Best meth­ods for seal­ing plumb­ing stack

Winnipeg Free Press - Section G - - HOMES -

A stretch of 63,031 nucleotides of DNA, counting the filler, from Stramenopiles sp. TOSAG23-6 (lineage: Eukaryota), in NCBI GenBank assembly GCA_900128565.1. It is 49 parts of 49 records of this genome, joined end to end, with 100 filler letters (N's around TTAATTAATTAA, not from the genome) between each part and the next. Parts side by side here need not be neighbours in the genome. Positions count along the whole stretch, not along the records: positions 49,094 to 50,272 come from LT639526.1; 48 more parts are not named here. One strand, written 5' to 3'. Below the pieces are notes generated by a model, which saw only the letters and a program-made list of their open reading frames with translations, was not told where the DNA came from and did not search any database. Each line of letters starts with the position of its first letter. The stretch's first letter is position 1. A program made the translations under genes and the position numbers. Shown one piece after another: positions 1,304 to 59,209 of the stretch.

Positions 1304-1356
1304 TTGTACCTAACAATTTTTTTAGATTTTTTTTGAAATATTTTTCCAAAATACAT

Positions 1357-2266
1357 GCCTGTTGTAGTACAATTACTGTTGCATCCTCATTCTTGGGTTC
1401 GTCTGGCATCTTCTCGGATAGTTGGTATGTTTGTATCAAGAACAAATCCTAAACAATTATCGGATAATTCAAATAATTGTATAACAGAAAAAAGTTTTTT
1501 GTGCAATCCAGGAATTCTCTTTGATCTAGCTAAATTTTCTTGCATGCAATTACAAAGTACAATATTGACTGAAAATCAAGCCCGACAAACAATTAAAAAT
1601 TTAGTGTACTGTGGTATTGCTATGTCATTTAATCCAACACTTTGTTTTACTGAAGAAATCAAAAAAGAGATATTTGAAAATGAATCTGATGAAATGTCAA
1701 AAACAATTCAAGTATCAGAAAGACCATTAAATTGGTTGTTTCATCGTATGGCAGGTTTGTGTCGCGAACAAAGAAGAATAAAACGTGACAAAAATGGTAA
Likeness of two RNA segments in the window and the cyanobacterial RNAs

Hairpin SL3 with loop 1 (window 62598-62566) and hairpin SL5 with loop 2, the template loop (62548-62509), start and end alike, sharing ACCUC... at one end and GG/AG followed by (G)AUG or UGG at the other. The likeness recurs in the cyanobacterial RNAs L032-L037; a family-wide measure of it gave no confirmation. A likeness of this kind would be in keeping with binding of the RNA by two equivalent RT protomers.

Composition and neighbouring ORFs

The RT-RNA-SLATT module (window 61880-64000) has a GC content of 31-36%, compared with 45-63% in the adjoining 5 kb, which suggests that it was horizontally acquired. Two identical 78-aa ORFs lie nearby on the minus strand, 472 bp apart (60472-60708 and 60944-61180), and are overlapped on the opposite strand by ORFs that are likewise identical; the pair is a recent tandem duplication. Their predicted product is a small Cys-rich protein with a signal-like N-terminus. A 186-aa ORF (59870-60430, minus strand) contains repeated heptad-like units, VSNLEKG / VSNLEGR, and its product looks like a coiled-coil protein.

A: There may be sev­eral meth­ods to prop­erly seal a plumb­ing stack as it en­ters the at­tic through the ceil­ing. I will pro­vide you with the mer­its and dis­ad­van­tages of your sug­ges­tions and you can de­cide on which method suits you best. It is a very good idea to make an at­tempt to airseal any­thing that pen­e­trates the at­tic floor from the home. Suc­cess­fully ac­com­plish­ing this task will help pre­vent warm-air in­tru­sion into the at­tic, which can lead to frost and mois­ture is­sues in our bru­tal win­ters. You must re­mem­ber seal­ing this area will only stop a por­tion of the air leak­age into your at­tic, so it may be a good idea to ad­dress other ar­eas at the same time. One of th­ese ar­eas I fre­quently see im­prop­erly in­su­lated, and poorly sealed, is the at­tic ac­cess hatch. It is true quite a bit of air leak­age could be at­trib­uted to the gap around your main stack, but the at­tic hatch is of­ten the worst area for air leak­age from the home into the at­tic. Since you have to re­move the hatch to ac­cess the at­tic for stack-seal­ing re­pairs, it makes per­fect sense to fix it then. Many homes like yours have at­tic hatches that may be con­structed from ply­wood or some form of par­ti­cle­board. Ply­wood hatches are ideal, as they are some­what mois­ture-re­sis­tant and the large amount of ad­he­sives pro­vides a rea­son­able air/vapour bar­rier, es­pe­cially when painted. Par­ti­cle­board, on the other side of the scale, is a poor choice for this use, as it tends to swell and de­te­ri­o­rate if it gets wet, es­pe­cially at the edges. This can even cause them to jam against the sides of the at­tic hatch, mak­ing re­moval quite dif­fi­cult. If you have a hatch cover con­structed of this ma­te­rial, or other sheath­ing af­fected by mois­ture such as dry­wall, re­plac­ing it with G1S ply­wood sheath­ing will be a ma­jor im­prove­ment. Once you have your nicely fit­ted ply­wood hatch cover, sup­ported by se­cure wooden cleats at the bot­tom of the hatch, the next thing to ad­dress is the in­su­la­tion. Most hatches I see, re­gard­less of the age of home, are nor­mally in­su­lated with fi­bre­glass in­su­la­tion on top. This may vary from a batt or two of fi­bre­glass fit roughly to the size of the at­tic open­ing, to loose, blown-in ma­te­rial con­tained in a box con­structed as the hatch cover. The prob­lem with those in­stal­la­tions is fi­bre­glass is good ther­mal in­su­la­tion, but a lousy air bar­rier, so any air that does leak around or through the hatch cover will eas­ily make its way into the at­tic. Worse yet, it may cool con­sid­er­ably as it trav­els through the fi­bre­glass, reach­ing its dew point and con­dens­ing in­side the in­su­la­tion. That will lead to frost and wa­ter dam­age to the hatch, and some­times even drip­ping from the hatch it­self. The sim­plest so­lu­tion to this prob­lem is to in­stall ex­truded poly­styrene on top of the at­tic hatch cover, in­stead of fi­bre­glass. This ma­te­rial comes in large sheets, which can be eas­ily cut with a util­ity knife and se­cured to the hatch with spe­cial ad­he­sive. It is very light, so lam­i­nat­ing a few lay­ers of this in­su­la­tion on top of the hatch will pro­vide good ther­mal pro­tec­tion and an ex­cel­lent air/vapour bar­rier. The fi­nal step is to in­stall a good-qual­ity weather­strip on the top or sides of the cleats hold­ing the ply­wood in place to pre­vent air leak­age around your nice new at­tic hatch cover. The same ap­proach can be taken with air-seal­ing your ABS plumb­ing stack. While the cel­lu­lose fi­bre in­su­la­tion may be a good air/vapour bar­rier if enough thick­ness is present, it is doubt­ful that will be the cur­rent sit­u­a­tion around the stack. Se­cur­ing poly­eth­yl­ene sheath­ing around the stack will be ef­fec­tive in min­i­miz­ing air leak­age, but it can be very dif­fi­cult to ac­com­plish a good seal with this semi-rigid ma­te­rial. Even with lib­er­ally ap­plied acous­ti­cal sealant, it can be quite tricky to get a good seal be­tween the tubu­lar stack and the at­tic floor. For that rea­son, foam in­su­la­tion may be a bet­ter bet. This can be most eas­ily done with a can or two of blown-in polyurethane foam, but that ma­te­rial is only a mod­er­ately good air/vapour bar­rier, un­less ap­plied in sev­eral lay­ers. One pos­si­ble air-seal­ing method you have not men­tioned is to cut a small piece of rigid ex­truded poly­styrene slightly larger than the open­ing around the stack. This can then be cut in half, with two semi­cir­cles, fit to the size of the stack, carved to make a tight fit when joined to­gether. This col­lar can then be fit­ted and sealed tight to the at­tic floor and caulked around the stack from above. It may also be pos­si­ble to blow a small amount of foam un­der­neath and above this rigid col­lar, to seal this area even bet­ter. There may be sev­eral ways to air-seal the at­tic floor around your plumb­ing stack, but there are other ar­eas to con­sider im­prov­ing at the same time. Us­ing var­i­ous types of foam in­su­la­tion, rigid or blown in from a can, should give you the best job with the least amount of ef­fort.

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